By now, almost nothing can shock us about Hollywood (Florida) news. Not a dead body turning up in a Federal Highway hotel. Been there. Not a dirty cop, nor a public official hit with criminal indictment. Been there and there. Nothing would have shocked us...except this. And this.
Yep, it's good news. In Hollywood!?!
Let me get this straight: A major hotel / condo can be built in the city without millions of dollars in incentives? And you're saying that the developer of this project did not respond to concerns of neighbors in the usual way -- by hiring a lobbyist who has a majority of the city commissioners in his pocket -- but rather by addressing those concerns until the the neighbors could live with the project? And to top it all off, this project would be built outside the city's Community Redevelopment Agency district, meaning that the tax revenue it generates will not go back into the CRA (so that it can be handed to the next developer comes knocking) but that it will actually go into the city's general fund?
I had to call Pete Brewer, president of the North Central Hollywood Civic Association, just to make sure this wasn't another one of my absinthe-inspired hallucinations. That interview, after the jump.
"Yes, the developer Hugo Pacanins, he sat down with us and said, 'What are y'all's concerns?'" says Brewer. "The development was going to be 15 stories, and that was the main concern. It is now eight stories."
But the compromises didn't stop there. Brewer's group, which met with Pacanins four times in the past six months, wanted to save an historic stone house that would have had to have been moved from its place on Sheridan, just west of I-95, and it may have been damaged in the process. Nor did the neighbors want their oak trees mowed down. And they wanted to make sure a development that contained over 1,000 residential units wouldn't become a traffic disaster.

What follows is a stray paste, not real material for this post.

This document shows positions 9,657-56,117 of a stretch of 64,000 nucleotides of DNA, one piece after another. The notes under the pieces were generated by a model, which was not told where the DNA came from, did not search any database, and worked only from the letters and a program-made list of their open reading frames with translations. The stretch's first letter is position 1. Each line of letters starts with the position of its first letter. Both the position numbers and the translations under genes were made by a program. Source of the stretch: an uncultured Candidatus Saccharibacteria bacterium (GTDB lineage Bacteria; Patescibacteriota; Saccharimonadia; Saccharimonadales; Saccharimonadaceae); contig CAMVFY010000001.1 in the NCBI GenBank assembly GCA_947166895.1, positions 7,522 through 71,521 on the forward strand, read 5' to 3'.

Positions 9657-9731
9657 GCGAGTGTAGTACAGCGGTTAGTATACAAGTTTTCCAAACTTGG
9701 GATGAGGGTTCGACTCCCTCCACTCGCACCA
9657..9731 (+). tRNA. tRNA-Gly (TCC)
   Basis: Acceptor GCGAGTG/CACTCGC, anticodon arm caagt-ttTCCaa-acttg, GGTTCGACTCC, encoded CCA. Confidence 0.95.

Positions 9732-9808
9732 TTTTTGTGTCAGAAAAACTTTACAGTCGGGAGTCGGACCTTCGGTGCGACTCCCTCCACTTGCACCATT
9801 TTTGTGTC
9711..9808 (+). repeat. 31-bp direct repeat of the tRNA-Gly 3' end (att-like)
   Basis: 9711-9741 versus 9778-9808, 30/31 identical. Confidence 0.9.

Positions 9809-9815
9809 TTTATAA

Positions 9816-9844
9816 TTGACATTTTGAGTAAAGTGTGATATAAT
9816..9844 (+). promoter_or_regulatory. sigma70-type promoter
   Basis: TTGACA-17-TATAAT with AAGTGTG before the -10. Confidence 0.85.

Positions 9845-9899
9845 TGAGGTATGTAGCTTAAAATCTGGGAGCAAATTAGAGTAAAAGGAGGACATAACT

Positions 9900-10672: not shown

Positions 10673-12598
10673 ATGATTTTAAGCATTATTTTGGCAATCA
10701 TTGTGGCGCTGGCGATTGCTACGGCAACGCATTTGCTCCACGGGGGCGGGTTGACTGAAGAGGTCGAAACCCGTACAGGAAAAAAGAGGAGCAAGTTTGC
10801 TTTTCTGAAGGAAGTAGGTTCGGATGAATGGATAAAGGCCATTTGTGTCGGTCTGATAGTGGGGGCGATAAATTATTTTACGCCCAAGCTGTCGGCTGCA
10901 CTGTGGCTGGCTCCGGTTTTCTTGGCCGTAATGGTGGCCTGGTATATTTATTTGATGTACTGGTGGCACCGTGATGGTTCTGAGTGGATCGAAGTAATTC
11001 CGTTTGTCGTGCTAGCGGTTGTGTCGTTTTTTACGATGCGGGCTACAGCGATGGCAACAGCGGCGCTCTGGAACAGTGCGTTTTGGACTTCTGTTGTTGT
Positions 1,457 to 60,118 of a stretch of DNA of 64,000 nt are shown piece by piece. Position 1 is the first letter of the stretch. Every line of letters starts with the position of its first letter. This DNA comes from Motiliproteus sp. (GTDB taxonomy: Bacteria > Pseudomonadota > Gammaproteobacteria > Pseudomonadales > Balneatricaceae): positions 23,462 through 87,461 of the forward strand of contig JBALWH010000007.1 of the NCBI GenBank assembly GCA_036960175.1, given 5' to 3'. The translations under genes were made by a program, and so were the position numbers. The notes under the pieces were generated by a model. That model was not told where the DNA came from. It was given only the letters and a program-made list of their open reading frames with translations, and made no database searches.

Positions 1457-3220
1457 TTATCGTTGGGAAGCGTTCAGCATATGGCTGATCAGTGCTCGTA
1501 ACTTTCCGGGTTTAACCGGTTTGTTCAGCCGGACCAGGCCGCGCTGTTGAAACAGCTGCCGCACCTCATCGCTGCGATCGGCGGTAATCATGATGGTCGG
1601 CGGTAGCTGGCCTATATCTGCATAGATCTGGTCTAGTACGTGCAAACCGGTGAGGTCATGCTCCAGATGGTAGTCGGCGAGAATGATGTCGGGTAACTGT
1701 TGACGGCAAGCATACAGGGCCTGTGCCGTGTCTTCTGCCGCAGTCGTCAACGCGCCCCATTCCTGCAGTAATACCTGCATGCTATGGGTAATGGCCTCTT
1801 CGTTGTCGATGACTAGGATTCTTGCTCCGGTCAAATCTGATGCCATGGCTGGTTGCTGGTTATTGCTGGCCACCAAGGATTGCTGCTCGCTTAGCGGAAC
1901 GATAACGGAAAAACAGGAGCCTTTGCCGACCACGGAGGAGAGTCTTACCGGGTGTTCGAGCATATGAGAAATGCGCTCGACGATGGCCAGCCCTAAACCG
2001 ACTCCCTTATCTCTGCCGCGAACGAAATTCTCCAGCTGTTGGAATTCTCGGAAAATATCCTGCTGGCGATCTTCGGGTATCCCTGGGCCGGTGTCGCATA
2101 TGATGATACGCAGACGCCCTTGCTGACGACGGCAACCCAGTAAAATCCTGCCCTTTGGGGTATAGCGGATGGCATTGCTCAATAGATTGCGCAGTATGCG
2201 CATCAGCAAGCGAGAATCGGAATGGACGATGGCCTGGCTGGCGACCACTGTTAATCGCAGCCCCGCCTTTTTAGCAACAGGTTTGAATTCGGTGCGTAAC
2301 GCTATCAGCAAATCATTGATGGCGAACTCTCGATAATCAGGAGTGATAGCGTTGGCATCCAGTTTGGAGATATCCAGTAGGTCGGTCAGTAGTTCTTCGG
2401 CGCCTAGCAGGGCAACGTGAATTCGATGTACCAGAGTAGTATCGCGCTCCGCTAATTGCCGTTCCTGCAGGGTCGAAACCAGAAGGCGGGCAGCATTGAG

So Pacanins designed a bigger park on the property, allowing the historic home to stay on its site. The park's road would be designed around the oak trees so most of those could be saved. And turn lanes would be added to accommodate the new traffic. "We didn't get everything we wanted," says Brewer, "but we got a lot."
His group sure got a lot more than the neighbors who went up against the ArtsPark Village earlier this year. The difference is that being downtown, the ArtsPark Village was in the CRA district, meaning that developers and their lobbyists knew that the city commissioners who sit on the CRA would have access to millions in grant money or low-interest loans. "The CRA goes hog-wild giving money away," says Brewer. "There's a handful of people in this town who think the CRA money belongs to them." The Sheridan Stationside Village project, being outside the CRA, had to make its project profitable the old-fashioned way -- based on the actual market.
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Of course, try though it might, the CRA can't soften market forces even for its favorite developers and lobbyists. Today, the darkened windows in shiny new downtown towers are a fitting monument to that shortsighted strategy.
Brewer, who narrowly lost a bid for city commission this past January, is already onto his next mission: convincing the commissioners that they can afford to take Hollywood Beach's massive Westin Diplomat out of the CRA -- meaning that its tax revenues would go straight into the city general fund rather than into the CRA coffers -- because next year the Palms will finish construction and generate revenue for the agency, and because the following year the Trump Hollywood will have a ribbon-cutting.
It sounds far-fetched -- Hollywood commissioners have zealously protected their CRA funds against all comers except developers. On the other hand, Brewer points out that CRA's exist only to cure slums and blight. With condos selling for well over a million on Hollywood Beach, nobody in that neighborhood is exactly slummin' it.
-- Thomas Francis